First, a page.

Arkham Knight is set to be the final game in the Arkham series, and we're eager to see what Rocksteady will do for the finale once it releases in October. There's plenty to read while we wait however, including news of Amy Hennig's departure from Naughty Dog, a preview of Watch Dogs and a review of South Park: The Stick of Truth. We've rounded up those stories and more for you in this week's edition of the Joystiq Weekly.
- Developer Rocksteady is gearing up to swoop down on PS4, Xbox One and PC audiences on October 14 with Batman: Arkham Knight. The game is set a year after the events of Batman: Arkham City and will use a map five times larger than that of Rocksteady's previous Arkham game.
- PC users, prepare to die – Dark Souls 2 publisher Bandai Namco announced an April 25 release date for its brutally punishing RPG this week. That puts it a month behind the March 11 release for PS3 and Xbox 360 versions, which isn't too long of a wait for getting decimated by traps and cunning monsters.
- Amy Hennig, writer and creative director of the Uncharted series, departed from developer Naughty Dog this week. It's not clear why Hennig left the studio, but Naughty Dog has dismissed early reports suggesting she was "forced out" of the studio by The Last Of Us directors Neil Druckman and Bruce Straley.
- Sony Computer Entertainment America President and CEO Jack Tretton announced his departure from the console manufacturer this week, ending a 19-year career with the company. Tretton's departure was said to be a mutual agreement between himself and SCEA. So long, Jack; we'll always have the mic drop to remember you by.
- The sales battle between the Xbox One and PlayStation 4 reached a new milestone this week, as Sony's PS4 surpassed six million sales globally. For perspective, the Xbox One cleared 3 million sales in January, around when the PS4 cleared the 4.2 million mark. We imagine plenty of people are preparing for the upcoming Titanfall Xbox One bundle, so this race should stay interesting in the coming months.
- After a delay from a November launch, Watch Dogs has called in a May 27 date for all previous and current-generation consoles - other than the Wii U. Ubisoft CEO Yves Guillemot explained in February that the Wii U version would be delayed to allow Ubisoft to focus resources where they would have the "broadest possible benefit" to the company and its customers.
- Remember 1994's celebrity-branded fighting game, Shaq Fu? Remember how badly you wanted a sequel? ... No? Well, too bad, because an Indiegogo campaign has launched for Shaq Fu: A Legend Reborn, a combo-driven, beat-em-up brawler successor. The reveal was paired with a conceptual trailer filled with an overly-buff Shaq fighting ninjas and giving slam dunk one-liners.
- Naughty Dog's The Last Of Us was pretty cinematic, but if you're holding out for a literal adaption of the adjective, it seems like a theater-worthy project is in the works. The movie's script will reportedly be written by the game's creative director, Neil Druckmann, with game director Bruce Straley and Naughty Dog co-presidents Evan Wells and Christophe Balestra overseeing the film's creative vision.
- Unfortunately, the high-profile departures of Amy Hennig and Jack Tretton weren't the only staffing changes announced this week. Layoffs at Disney Interactive affected 700 employees, and their announcement was joined with Disney's plans to scale back game development by "as much as 50 percent." Thief developer Eidos Montreal also let go 27 employees.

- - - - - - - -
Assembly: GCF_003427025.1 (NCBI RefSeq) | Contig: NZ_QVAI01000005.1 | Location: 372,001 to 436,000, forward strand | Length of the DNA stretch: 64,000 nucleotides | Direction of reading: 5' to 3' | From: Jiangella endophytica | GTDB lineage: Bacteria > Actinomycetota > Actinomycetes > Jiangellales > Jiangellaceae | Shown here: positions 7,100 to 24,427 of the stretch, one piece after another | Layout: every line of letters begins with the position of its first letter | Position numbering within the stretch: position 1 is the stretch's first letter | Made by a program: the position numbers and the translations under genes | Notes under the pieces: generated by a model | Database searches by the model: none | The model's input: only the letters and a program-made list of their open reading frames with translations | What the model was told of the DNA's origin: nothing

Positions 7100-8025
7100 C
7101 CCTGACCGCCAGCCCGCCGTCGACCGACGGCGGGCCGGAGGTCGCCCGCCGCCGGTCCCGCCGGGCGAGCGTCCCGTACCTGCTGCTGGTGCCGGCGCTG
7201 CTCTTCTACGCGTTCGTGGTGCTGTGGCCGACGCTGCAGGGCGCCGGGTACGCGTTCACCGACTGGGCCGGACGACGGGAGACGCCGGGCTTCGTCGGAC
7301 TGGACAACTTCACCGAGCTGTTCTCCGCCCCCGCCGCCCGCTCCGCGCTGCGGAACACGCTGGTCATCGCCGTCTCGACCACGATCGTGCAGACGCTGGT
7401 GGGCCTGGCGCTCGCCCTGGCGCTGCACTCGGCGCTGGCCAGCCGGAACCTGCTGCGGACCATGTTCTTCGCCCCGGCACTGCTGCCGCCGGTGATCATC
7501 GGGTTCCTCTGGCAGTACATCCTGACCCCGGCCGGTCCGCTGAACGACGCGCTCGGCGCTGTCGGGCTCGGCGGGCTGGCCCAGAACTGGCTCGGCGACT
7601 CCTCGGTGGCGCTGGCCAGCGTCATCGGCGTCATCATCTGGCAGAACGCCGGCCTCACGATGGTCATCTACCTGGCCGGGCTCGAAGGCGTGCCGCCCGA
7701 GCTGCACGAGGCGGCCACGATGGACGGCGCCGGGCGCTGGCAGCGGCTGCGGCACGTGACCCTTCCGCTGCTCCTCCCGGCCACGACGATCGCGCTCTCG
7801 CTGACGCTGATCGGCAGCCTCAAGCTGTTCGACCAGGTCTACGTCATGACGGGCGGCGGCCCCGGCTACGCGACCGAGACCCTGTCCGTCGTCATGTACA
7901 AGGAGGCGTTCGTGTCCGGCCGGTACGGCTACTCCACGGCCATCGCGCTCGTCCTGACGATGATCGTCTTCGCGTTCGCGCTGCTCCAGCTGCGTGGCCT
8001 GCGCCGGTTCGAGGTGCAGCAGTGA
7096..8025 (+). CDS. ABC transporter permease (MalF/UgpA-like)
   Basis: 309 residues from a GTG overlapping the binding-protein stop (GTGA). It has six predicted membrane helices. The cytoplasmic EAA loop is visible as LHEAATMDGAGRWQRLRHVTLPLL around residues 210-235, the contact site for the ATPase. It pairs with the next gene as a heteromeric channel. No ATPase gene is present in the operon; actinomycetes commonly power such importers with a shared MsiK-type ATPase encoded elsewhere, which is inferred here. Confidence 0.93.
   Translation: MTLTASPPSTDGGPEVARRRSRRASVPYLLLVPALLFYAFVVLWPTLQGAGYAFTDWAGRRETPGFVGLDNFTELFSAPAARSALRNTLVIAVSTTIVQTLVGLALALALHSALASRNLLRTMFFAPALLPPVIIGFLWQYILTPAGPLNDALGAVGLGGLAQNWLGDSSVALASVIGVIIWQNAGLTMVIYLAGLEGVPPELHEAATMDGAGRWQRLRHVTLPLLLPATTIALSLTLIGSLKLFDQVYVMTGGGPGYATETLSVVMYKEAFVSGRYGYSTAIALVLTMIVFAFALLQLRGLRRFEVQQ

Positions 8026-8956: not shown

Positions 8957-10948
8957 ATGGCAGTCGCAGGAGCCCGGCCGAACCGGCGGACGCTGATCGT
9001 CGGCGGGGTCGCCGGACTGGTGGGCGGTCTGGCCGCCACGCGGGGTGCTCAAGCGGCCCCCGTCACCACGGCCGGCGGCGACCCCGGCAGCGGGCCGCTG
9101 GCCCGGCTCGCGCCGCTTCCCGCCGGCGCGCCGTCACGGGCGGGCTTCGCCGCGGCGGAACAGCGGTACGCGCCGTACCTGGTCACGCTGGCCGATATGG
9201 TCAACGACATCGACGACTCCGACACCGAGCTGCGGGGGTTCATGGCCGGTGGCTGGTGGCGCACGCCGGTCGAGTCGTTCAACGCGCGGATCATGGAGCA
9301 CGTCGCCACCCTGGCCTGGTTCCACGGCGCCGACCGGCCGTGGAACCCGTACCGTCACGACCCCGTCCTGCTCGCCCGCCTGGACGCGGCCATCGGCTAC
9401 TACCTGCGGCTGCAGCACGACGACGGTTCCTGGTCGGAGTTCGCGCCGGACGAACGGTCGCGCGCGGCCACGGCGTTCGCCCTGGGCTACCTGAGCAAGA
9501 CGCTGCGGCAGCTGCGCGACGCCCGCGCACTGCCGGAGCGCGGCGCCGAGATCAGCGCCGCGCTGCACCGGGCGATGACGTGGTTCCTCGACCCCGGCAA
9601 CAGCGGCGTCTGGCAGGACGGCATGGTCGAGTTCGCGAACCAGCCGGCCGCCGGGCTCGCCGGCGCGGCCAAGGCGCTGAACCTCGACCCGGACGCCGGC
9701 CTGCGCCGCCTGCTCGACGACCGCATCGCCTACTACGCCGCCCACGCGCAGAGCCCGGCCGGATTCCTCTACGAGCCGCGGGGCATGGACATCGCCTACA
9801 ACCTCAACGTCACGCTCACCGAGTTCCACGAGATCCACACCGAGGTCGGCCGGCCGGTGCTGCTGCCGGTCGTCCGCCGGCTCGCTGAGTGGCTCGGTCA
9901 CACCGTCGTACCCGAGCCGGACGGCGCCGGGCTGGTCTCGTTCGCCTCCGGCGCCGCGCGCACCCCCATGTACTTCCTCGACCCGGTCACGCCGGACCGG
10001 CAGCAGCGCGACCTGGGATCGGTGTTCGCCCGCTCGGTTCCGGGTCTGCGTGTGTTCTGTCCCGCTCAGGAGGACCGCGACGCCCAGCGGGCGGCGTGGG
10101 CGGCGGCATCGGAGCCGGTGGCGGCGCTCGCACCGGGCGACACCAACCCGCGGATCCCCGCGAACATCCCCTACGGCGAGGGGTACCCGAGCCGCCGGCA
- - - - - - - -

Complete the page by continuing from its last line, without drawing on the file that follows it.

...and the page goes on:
- Clementine's fight for survival continues in "A House Divided," the newest episode in season two of Telltale's The Walking Dead. Senior Reporter Jess Conditt endured the threats to Clementine in the narrative-driven adventure set in a zombie-ridden world, remarking that the cast's interactions offered more tension than its "ho-hum zombie killing."
- South Park fans have been waiting for a solid interactive tribute for a while, and South Park: The Stick of Truth might suit diehard followers just fine. Weekend Editor Sam Prell had himself a time as the new kid in the crude town, noting that avid fans who can "forgive the repetitive nature of combat and some uninspired quests" should get plenty of enjoyment out of the "hilarious, disgusting adventure."
- Just because a game is bad doesn't mean it can't be entertaining - Contributing Editor Danny Cowan slogged through Magus, a third-person adventure absent of engaging dialogue, characters or combat. Danny found the buggy, monotonous experience to be a "work of unintentional comic genius," but didn't find much to praise beyond that.
- The rest of us may have to wait until May 27 to play Watch Dogs, but Feature Content Director Xav De Matos has spent time hacking computers and staying off the grid as the game's protagonist, Aiden Pearce. Xav detailed his stint as a law-abiding citizen and also spoke with Dominic Guay, Watch Dogs' senior producer.
- Game development is often a stressful, demanding line of work, but calls for long hours doesn't stop some developers' four-legged friends from giving them company. Cassidee Moser profiled the pets of some developers, highlighting their role in the work environment and, in some cases, how they've made their way into the works of their owners.
- On this week's edition of the Super Joystiq Podcast, Sam and Community Manager Anthony John Agnello laugh at each other's South Park references while discussing The Stick of Truth, Jess looks back on a wonderfully depressing time with The Walking Dead's "A House Divided," and Xav talks about the distractions a vigilante like Aiden Pearce faces - such as AR games where you shoot aliens - in Watch Dogs. Meanwhile, Editor-in-Chief Ludwig Kietzmann goes on a bloody rampage against Castlevania: Lords of Shadow 2's befuddling plot.